US insurers well-positioned to withstand hurricane lossesReprints
U.S. property/casualty insurers’ capital strength should enable them to withstand near-term volatility related to hurricane events, but a major catastrophic hurricane could change that, according to a new report.
The capital strength for domestic property/casualty insurers is currently “very strong,” as demonstrated by the aggregate policyholders’ surplus growing in 2016 by 3.1% to $713 million, according to the report by New York-based Fitch Ratings Inc. released on Wednesday.
But the occurrence of a major catastrophic hurricane could potentially have a significant effect on insurance industry capital and Fitch currently has a negative sector outlook on the P/C industry, largely related to near-term market conditions and profitability challenges, according to the report, “U.S. Hurricane Season 2017: A Desk Reference for Insurance Investors.”
"2017 is more likely to be an active hurricane season according to meteorologists, but minus any extremely severe storms, most insurers should be able to manage losses that may unfold," Christopher Grimes, director, Fitch Ratings, said in a statement. "The real storm for P/C insurers continues to be the competitive pricing environment."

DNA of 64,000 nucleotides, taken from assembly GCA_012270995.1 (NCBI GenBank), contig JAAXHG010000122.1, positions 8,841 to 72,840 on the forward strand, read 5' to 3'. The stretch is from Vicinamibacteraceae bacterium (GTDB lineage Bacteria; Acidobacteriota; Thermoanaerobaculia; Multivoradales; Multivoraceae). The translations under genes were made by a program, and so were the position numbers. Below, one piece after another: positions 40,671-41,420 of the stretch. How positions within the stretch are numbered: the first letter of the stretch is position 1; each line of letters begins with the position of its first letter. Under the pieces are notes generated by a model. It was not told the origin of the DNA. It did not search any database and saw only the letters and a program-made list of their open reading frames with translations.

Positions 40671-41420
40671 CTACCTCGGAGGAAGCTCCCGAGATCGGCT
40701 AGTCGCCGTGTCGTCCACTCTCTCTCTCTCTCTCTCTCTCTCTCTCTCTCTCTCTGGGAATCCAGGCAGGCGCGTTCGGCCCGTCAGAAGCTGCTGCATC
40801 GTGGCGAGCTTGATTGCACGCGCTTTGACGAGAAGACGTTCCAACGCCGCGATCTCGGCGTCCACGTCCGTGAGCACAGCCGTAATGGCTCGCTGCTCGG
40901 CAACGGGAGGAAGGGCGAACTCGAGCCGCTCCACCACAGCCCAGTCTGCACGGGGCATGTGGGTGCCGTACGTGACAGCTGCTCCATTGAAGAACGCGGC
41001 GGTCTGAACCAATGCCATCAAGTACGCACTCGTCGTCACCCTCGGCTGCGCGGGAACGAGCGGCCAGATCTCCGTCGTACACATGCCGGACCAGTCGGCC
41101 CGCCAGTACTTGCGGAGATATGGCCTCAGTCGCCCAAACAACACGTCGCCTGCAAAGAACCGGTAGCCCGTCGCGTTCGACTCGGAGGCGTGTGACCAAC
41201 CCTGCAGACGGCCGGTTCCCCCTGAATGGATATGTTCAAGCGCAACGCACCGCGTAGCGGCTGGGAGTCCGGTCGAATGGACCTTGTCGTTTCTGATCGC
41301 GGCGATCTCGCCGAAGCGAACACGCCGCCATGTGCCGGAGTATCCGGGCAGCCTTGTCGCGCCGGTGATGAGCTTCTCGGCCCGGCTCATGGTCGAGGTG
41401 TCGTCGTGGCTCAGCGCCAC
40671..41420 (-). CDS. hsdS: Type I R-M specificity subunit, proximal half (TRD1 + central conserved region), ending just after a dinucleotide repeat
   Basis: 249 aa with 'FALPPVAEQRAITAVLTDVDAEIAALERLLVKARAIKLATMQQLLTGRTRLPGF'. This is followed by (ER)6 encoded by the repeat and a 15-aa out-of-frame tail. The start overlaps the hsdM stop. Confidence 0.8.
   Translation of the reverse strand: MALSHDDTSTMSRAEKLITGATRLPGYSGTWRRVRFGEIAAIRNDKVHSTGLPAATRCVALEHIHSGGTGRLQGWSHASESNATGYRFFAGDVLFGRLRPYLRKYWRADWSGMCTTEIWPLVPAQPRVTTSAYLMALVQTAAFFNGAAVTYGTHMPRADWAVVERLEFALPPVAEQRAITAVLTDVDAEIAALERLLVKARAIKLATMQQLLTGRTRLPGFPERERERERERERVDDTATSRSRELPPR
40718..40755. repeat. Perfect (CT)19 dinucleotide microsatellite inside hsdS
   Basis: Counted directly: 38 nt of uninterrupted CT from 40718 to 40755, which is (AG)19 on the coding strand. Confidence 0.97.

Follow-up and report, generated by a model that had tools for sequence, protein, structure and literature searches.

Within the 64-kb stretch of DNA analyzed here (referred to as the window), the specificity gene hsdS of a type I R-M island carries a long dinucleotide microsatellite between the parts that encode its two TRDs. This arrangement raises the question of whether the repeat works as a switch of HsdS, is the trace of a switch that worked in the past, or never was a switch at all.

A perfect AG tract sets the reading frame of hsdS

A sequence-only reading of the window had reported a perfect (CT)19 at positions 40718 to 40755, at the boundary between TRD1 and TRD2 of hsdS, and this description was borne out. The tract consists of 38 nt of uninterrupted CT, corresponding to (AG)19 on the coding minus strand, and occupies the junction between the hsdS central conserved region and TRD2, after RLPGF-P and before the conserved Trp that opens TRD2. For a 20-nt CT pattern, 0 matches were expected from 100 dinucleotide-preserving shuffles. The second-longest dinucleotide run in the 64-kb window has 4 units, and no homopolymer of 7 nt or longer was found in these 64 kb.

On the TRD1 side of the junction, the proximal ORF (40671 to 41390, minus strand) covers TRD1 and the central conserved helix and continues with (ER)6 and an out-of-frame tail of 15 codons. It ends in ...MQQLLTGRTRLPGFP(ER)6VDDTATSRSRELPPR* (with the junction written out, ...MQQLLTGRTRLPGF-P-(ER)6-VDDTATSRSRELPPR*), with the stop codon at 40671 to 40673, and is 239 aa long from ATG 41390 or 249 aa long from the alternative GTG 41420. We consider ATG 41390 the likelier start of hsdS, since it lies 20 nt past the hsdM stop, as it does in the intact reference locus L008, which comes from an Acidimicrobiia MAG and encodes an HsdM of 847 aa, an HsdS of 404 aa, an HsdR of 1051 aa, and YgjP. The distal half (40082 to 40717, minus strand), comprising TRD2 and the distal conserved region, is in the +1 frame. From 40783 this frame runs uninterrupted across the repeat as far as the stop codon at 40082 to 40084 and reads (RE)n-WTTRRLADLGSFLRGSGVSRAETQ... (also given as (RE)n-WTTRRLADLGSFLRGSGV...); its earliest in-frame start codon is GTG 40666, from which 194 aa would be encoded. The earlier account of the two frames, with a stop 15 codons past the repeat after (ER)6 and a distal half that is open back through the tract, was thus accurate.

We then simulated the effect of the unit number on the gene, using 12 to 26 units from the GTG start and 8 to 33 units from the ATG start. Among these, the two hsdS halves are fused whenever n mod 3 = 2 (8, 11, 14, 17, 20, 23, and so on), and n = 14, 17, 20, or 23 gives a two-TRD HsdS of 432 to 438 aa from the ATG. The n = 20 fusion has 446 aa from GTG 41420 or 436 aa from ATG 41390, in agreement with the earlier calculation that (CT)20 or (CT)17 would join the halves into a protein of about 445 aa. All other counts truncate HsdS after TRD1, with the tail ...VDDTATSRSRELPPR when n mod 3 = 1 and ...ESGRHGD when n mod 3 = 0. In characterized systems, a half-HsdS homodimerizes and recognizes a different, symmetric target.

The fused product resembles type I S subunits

Pricing on U.S. hurricane-exposed primary property business has not improved in the wake of modest insured losses related to Hurricane Matthew in 2016, according to the report. Aon Benfield Group Ltd. reported that private insurers and the National Flood Insurance Program paid out nearly $4 billion in claims from Hurricane Matthew as of April 2017.
In the reinsurance market, conditions also remain soft due to large volumes of underdeployed capital and sluggish demand from buyers, despite increased global catastrophe losses in 2016, according to the report.
“Fitch expects pricing conditions to remain challenging in the primary property market, particularly commercial property, as well as at the midyear 2017 reinsurance renewals,” the ratings agency said in a statement.
Insured losses from the 2016 hurricane season were relatively limited despite the devastation caused by Hurricane Matthew and Hurricane Hermine, particularly compared to the 2004 and 2005 hurricane seasons, but many Florida insurers remain untested, according to the report.
"Many growing Florida property insurers have brief histories, untried by a large loss event, which creates uncertainty as to how these firms will respond to a future hurricane that generates significant industry losses," Mr. Grimes said.
The NFIP is in debt to the tune of $23.4 billion, largely as a result of flood claims from Hurricane Katrina in 2005 and Superstorm Sandy in 2012, and the program is scheduled to expire on Sept. 30, 2017, although there have been proposals floated by Congressional legislators to reauthorize and reform the program.
"In the event that hurricane force wind damage is minimal, flood damage remains a key risk,” Mr. Grimes said. “While most years the premium levels for risk assumed by the NFIP exceeded claims, major flood events blow the balance. The ability of the NFIP to transfer risk to traditional and alternative reinsurance markets, will be a key factor in securing the viability of the program in the face of significant catastrophic flood events.”